Over the past few weeks it has been clear that another exploration of deflationary risk is in order. Having already published Inflation vs. Deflation (3-15-10) and Avoiding Global Deflation (7-18-10), as well as The China Bubble (6-8-10) there seemed no point in compiling additional alarming, but anecdotal information. Nothing has changed. Debt is too high almost everywhere, certainly in the U.S. and the Eurozone, and even if Chinese debt ratios appear low, the information available could be misleading because China’s banking system is opaque, and much of their collateral may be grossly overvalued.
Because for the past thirty years the global economy has relied on rising debt to fuel rapid economic growth, as debt levels become unsustainable, economic growth slows. When that occurs, asset values drop, meaning that outstanding loans are no longer backed by sufficient collateral. Even in a mildly deflationary environment – which for now, thankfully, is all we are dealing with – real rates of return on large investment funds cannot realistically be projected at levels that cause total interest payments to consume an inordinate percentage of GDP. The more debt exists as a percentage of GDP, the more a burden interest payments become, and the more imperative it becomes to keep interest rates low to maintain solvency – whether that is solvency of government, business, or household entities.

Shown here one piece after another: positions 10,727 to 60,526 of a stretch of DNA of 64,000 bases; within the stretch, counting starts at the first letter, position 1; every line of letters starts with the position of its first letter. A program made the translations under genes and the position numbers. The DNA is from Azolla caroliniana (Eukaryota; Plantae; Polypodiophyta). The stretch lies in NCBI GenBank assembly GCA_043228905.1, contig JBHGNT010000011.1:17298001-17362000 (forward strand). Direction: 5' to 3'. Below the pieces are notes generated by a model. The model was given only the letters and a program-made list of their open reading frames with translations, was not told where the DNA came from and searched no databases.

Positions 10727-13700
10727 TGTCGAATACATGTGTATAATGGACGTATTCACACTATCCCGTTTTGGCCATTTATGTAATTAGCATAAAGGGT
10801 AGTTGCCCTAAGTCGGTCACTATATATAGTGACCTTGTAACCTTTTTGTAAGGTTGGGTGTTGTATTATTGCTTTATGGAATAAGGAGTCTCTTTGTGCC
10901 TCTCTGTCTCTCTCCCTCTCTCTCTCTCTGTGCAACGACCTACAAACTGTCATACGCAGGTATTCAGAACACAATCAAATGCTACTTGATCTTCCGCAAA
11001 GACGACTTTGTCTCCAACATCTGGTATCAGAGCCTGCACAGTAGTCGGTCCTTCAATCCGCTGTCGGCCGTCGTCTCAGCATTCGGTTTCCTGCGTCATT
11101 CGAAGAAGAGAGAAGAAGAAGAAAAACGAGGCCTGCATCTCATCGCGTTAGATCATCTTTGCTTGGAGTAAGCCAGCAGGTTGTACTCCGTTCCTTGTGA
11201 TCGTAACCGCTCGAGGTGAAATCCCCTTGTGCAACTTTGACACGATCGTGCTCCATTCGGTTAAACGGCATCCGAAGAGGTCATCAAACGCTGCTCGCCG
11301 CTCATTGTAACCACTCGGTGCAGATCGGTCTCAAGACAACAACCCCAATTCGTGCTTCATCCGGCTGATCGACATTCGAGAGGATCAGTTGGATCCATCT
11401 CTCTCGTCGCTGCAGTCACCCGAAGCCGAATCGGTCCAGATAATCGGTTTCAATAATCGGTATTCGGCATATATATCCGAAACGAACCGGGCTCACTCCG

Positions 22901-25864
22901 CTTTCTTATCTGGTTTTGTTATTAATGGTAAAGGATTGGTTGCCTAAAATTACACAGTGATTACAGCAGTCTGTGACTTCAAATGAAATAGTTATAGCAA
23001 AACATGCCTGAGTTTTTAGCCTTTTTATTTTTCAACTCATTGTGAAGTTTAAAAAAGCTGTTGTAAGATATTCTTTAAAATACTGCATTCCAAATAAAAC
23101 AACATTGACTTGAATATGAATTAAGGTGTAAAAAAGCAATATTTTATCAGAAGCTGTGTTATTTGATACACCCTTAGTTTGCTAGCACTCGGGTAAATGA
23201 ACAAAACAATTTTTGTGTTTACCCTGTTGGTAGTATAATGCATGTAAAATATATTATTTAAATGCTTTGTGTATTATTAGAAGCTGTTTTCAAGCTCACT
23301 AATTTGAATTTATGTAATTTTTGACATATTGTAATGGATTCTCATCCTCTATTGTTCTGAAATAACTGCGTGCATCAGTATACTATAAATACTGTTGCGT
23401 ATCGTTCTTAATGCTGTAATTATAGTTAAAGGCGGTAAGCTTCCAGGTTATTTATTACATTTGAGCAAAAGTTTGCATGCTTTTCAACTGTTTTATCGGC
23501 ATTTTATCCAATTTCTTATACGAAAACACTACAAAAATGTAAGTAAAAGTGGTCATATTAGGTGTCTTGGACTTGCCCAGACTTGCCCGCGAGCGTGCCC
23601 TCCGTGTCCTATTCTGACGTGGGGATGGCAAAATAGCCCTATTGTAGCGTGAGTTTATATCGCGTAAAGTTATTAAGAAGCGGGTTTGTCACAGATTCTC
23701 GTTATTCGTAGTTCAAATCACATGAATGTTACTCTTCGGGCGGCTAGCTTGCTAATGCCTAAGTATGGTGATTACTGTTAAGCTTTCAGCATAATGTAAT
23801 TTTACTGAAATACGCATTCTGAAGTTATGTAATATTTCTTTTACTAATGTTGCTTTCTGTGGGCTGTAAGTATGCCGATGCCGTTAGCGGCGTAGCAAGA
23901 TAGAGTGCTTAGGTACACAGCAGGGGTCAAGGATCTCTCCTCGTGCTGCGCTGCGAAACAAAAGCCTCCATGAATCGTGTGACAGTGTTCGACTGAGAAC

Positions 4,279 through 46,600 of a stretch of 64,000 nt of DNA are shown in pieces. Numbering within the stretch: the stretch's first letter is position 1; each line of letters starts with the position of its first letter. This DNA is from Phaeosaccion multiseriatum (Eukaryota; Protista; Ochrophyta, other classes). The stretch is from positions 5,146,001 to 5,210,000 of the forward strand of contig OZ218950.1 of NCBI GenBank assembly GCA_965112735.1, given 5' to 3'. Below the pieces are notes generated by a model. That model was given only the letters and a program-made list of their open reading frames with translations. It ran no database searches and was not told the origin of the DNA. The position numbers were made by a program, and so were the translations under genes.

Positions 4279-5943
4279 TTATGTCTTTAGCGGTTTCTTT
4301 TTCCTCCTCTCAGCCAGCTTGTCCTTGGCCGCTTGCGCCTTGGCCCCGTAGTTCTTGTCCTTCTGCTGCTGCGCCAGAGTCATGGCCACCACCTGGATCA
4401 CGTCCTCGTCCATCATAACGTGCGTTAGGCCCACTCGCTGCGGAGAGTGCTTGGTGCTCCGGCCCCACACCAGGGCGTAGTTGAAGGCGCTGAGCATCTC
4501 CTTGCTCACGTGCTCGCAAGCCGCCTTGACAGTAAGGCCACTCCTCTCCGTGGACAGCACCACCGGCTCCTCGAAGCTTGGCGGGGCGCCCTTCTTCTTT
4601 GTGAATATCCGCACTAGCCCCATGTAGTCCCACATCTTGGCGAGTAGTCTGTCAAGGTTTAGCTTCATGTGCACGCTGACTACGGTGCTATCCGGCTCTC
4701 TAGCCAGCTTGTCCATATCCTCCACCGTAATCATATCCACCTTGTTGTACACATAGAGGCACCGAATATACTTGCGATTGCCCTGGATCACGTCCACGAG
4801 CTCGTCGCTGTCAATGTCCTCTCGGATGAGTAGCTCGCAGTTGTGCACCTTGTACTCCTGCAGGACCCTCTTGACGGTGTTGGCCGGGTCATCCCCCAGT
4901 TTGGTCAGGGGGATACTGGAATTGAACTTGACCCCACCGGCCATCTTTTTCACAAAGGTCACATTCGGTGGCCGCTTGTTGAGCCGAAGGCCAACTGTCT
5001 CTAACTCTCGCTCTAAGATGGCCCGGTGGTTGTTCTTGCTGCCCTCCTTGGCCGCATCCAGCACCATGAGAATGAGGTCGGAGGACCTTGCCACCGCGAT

As an aside, when considering levels of debt, what level is deemed sustainable will affect the […] Read More